So, like everything about this new world, remote work changes the landscape on reimbursement. It’s time to assess your policy, communicate any changes and budget for the future.

The bad news is that you may have to pay for things like cell phones, if they now serve as the office line. The good news is that your travel budget likely left you some wiggle room.  

Step 1 (cont.): COVID-19 and Kids

We’ll talk about a variety of issues to troubleshoot in a remote employment setting, but today, let’s talk about kids. As employers continue to work hard to set up virtual offices that help their employees thrive, the topic of children is also making the news. More specifically, what do to with them? As every working parent knows, children do not always respect boundaries. How do employers handle the fact that teleworkers may not be fully engaged during their regular workday, due to diaper changes, demands for snacks, or temper tantrums?

Introducing my new favorite portmanteau: Work from Homeschool. It’s a real thing, and companies must decide how to handle a phenomenon that is unique to COVID-19.

Understand the Laws

Not all employees may be able to work. The Families First Coronavirus Response Act (FFCRA), a law passed in April in response to the pandemic, provides for up to twelve weeks of paid leave (capped at the greater of two-thirds of wages, minimum wage, or $12,000), for employees who are “unable to work due to a bona fide need for leave to care for a child whose school or child care provider is closed or unavailable for reasons related to COVID-19.” This relief is subsidized by the federal government, with employers deducting qualifying leave from their federal employment tax liability.

FFCRA applies to private businesses with fewer than 500 employees, and some public employers. Small businesses with fewer than 50 employees may qualify for an exemption if the leave requirements would “jeopardize the viability of the business as a going concern.” Parental leave is available to all employees who have been working for thirty days or more for an employer.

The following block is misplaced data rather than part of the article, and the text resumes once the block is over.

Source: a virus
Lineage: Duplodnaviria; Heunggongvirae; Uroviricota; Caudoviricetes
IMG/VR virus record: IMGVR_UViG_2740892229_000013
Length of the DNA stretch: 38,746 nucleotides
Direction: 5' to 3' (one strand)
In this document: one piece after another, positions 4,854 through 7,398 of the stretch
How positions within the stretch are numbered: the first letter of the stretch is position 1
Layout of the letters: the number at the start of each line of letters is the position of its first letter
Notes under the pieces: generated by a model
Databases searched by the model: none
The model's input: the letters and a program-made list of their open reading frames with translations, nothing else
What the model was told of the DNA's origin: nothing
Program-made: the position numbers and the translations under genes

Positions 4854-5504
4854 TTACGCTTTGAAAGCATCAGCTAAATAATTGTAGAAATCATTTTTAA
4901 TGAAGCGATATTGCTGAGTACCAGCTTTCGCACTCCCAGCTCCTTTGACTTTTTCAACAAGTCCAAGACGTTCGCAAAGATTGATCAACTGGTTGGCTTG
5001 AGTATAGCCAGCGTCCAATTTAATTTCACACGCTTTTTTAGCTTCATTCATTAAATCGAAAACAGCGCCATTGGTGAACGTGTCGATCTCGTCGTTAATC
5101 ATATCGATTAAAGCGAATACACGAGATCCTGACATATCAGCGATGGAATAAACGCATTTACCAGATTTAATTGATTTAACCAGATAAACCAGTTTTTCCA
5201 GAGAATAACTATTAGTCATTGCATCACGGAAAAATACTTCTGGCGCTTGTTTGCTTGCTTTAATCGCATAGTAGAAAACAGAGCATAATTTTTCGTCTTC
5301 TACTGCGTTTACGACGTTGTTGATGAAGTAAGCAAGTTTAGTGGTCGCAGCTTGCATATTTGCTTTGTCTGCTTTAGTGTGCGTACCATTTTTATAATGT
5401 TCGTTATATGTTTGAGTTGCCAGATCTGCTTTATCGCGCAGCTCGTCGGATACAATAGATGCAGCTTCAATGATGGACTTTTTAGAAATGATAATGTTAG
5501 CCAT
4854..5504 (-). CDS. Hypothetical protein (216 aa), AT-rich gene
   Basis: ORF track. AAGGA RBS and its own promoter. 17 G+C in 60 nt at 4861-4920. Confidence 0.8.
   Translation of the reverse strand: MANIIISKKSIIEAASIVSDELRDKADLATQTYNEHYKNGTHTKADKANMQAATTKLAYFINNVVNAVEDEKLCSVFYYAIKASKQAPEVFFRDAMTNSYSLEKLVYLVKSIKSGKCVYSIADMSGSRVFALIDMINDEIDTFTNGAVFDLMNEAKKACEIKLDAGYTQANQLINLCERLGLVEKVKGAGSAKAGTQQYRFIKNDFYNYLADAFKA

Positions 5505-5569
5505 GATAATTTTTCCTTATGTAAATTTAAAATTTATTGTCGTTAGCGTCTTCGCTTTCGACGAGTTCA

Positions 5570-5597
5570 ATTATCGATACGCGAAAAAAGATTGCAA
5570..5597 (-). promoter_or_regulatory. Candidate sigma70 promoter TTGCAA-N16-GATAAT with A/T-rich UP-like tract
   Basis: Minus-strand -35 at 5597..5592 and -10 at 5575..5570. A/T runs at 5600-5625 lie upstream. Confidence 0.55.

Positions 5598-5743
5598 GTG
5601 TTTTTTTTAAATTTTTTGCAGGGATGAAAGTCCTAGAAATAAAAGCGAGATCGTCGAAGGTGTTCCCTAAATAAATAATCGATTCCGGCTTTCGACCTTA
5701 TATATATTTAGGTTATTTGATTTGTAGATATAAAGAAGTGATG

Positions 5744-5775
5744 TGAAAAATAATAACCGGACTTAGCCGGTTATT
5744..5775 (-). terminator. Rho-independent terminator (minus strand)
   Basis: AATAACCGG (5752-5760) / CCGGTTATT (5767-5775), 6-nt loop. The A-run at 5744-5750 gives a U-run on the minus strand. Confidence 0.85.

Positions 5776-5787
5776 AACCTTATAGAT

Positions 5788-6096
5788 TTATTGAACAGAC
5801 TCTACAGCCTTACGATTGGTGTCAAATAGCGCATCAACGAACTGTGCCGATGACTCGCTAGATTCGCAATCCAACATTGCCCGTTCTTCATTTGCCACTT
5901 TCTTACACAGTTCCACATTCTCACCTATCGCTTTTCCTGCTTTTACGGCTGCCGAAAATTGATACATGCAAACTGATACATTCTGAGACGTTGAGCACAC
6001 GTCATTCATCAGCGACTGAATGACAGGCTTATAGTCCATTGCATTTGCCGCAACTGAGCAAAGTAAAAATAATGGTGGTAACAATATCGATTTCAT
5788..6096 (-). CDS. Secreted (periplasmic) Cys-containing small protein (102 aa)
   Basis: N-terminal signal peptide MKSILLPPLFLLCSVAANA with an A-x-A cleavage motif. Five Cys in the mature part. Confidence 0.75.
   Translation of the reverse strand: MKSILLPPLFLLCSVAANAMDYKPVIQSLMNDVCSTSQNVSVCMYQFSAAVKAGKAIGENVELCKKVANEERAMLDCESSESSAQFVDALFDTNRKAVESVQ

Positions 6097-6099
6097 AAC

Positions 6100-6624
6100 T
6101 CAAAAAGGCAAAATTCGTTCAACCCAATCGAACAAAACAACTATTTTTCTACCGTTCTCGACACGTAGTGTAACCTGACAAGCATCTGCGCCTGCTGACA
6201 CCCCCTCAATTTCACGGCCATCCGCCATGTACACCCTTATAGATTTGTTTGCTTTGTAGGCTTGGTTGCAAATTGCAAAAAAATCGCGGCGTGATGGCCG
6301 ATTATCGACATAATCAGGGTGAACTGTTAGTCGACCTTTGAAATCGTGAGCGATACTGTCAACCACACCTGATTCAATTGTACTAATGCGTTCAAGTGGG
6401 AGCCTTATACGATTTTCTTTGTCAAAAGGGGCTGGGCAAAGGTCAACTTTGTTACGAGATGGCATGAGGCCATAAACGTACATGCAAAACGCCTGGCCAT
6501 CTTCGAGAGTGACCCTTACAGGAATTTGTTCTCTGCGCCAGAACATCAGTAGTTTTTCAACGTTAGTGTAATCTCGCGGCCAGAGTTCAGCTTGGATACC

The Department of Labor has issued multiple FAQs on the act, which is in effect through December 31, 2020. As the world grapples with the effects of COVID-19 on children and community spread, I would expect that FFCRA will be extended or be replaced by other relief if school cannot reopen in the fall. It’s important to loosely understand its offerings, and provide notice to your employees of the same.

In addition to the new FFCRA, the Equal Employment Opportunity Commission (EEOC) continues to enforce Title VII and its prohibition on sex discrimination. Recent EEOC guidance reminds us that “employers may provide any flexibilities as long as they are not treating employees differently based on sex or other EEO-protected characteristics. For example, under Title VII, female employees cannot be given more favorable treatment than male employees because of a gender-based assumption about who may have caretaking responsibilities for children.”

Go Back to the Basics: Communicate

There will be employees who can and want to do the Work from Homeschool thing without taking leave. Before you decide on how you will react to their proposal, consider:

  • Are employees with children struggling?
  • If some are, what do they need? Is it time, space, quiet, something else?
  • Do certain employees need to be on the phone or video during the day?
  • Can you be creative so that employees may do their work in unconventional ways, or during “off” hours?
  • Are your supervisors consistent in how they react to employee’s requests regarding childcare?
  • Have supervisors received training on bias, including benevolent bias?